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Nyack, Piermont: 2011 as the Year of Flooding

Local merchants battle flash floods, hurricane waters, mounting repair bills

Nyack's Edward Hopper House official declared 2011 "," but for some water-logged merchants and homeowners, 2011 was the year of flooding.

Hurricane Irene, coupled with a, has had an unprecedented effect on local properties. , West Nyackers , Piermont's Kane Park was and, on one occasion, a band of resourceful youngsters were able to .

Marianne Olive owns a strip of businesses along Main Street—including and —and spoke to village officials about flooding at a recent board of trustees meeting. During Irene, Olive combated rising water levels, clogged storm drains and, worst of all, damaged property.

"I covered the doors with plywood and sandbags," Oliver told trustees. "I'm trying to run a business, but to lose and lose again... there's a limit to how much I can handle. Something has to be done."

Olive said she has had to replace the hardwood floors in Olive's at least three times over the years, and has shelled out over $50,000 to fix water damage. "It puts a big hole in you for a long time," she added.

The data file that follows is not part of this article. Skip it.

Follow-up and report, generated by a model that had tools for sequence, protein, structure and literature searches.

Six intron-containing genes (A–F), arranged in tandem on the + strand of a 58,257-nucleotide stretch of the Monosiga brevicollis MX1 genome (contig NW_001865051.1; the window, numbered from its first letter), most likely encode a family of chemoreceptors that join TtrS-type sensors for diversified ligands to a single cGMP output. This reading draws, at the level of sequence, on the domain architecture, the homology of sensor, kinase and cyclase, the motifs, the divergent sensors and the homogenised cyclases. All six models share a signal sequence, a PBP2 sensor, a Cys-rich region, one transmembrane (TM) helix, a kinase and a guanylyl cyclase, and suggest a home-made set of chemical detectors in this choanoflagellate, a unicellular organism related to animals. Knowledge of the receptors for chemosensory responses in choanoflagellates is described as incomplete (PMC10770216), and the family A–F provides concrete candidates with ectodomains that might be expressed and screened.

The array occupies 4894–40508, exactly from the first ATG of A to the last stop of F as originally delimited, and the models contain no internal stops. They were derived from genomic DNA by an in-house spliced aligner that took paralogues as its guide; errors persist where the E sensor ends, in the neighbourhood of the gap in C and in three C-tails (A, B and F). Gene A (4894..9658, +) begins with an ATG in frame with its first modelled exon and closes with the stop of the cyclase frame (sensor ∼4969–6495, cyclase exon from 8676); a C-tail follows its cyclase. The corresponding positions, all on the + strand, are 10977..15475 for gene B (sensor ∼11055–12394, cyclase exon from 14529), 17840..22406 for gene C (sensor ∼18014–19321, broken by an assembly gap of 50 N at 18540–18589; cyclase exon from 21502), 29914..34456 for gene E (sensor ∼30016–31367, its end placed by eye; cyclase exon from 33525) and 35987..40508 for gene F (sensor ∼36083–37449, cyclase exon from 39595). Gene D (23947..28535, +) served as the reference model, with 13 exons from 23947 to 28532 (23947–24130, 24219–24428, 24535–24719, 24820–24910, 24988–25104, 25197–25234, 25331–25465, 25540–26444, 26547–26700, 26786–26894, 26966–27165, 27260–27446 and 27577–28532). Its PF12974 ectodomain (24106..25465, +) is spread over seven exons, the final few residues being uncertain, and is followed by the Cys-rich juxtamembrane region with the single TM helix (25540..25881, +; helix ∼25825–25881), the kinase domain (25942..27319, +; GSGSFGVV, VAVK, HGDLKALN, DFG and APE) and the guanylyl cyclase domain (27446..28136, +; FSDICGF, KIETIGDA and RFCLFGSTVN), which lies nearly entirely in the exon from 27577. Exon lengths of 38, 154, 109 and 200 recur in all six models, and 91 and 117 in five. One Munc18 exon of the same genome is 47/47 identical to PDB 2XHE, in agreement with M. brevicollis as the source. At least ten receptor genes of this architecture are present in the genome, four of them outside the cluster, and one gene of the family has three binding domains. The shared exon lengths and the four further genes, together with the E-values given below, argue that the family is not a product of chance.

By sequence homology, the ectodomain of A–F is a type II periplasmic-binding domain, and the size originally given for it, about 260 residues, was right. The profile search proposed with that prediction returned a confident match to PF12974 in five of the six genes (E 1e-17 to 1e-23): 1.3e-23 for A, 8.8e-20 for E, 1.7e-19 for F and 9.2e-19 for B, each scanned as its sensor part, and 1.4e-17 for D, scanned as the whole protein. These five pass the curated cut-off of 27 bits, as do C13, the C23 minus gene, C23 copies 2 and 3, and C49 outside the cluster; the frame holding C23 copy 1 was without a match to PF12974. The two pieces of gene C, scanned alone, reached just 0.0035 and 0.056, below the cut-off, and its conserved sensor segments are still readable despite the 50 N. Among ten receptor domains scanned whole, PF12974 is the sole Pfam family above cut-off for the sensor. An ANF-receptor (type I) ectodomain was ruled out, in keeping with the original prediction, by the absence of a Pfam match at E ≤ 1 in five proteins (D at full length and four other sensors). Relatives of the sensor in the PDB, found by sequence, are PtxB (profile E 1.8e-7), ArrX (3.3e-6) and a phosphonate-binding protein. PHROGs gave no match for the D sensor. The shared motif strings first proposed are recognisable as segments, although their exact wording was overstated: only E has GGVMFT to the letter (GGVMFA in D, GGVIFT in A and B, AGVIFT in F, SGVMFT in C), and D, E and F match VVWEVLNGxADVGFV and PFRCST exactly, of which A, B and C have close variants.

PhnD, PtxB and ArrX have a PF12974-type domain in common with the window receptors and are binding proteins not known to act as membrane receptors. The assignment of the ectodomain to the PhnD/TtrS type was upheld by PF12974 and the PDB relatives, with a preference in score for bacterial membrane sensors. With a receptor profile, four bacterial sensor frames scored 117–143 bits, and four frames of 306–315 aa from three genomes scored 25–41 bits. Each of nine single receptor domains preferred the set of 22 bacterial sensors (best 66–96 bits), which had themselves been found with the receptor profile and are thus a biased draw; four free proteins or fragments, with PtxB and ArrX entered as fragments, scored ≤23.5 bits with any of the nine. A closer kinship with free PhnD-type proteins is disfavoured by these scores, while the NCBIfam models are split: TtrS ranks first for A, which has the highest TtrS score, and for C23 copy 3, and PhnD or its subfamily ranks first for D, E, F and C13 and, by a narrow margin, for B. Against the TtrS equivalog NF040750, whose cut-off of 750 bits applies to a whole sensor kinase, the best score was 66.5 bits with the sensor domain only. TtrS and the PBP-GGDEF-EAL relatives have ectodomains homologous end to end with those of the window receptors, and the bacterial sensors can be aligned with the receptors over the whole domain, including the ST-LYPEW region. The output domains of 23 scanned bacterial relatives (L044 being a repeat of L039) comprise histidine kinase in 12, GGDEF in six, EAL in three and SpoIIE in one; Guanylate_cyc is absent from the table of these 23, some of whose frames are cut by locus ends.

Trustees have acknowledged flooding is one of Nyack's cardinal problems, but a large, sweeping solution, like implementing a complex prevention system, .

Mayor Richard Kavesh and trustee Jen Laird-White—who will battle Kavesh this November for the mayoral seat—have both noted flood prevention is a centerpiece of their campaigns.

"We realize it's a terrible problem," Laird-White told Olive. "We're talking to the [federal government] and Army Corps. of Engineers." When Patch spoke with Laird-White after her , she cited the creek that runs through downtown and is prone to flooding as an issue she intends to tackle.

Piermont merchants did not fare better. The pier village was hit harder than Nyack by Irene, and the southern roadways were overcome with water and shut down for days. Laura Straus, who operates the newly-opened , saw her business become more than wet.

"We see flooding pretty frequently, but Irene was the worst," Straus said. The store's book shop, located in the rear, saw approximately six inches of rain water, according to Straus, and the ceiling leaked, as well.

"We're still patching and painting and repairing," Straus added.

Brian Duddy September 20, 2011 at 01:26 PM
Nyack severe flooding from Hurricane Irene from the 6 minute mark forward: http://www.youtube.com/watch?v=yPuBRhnfKuw

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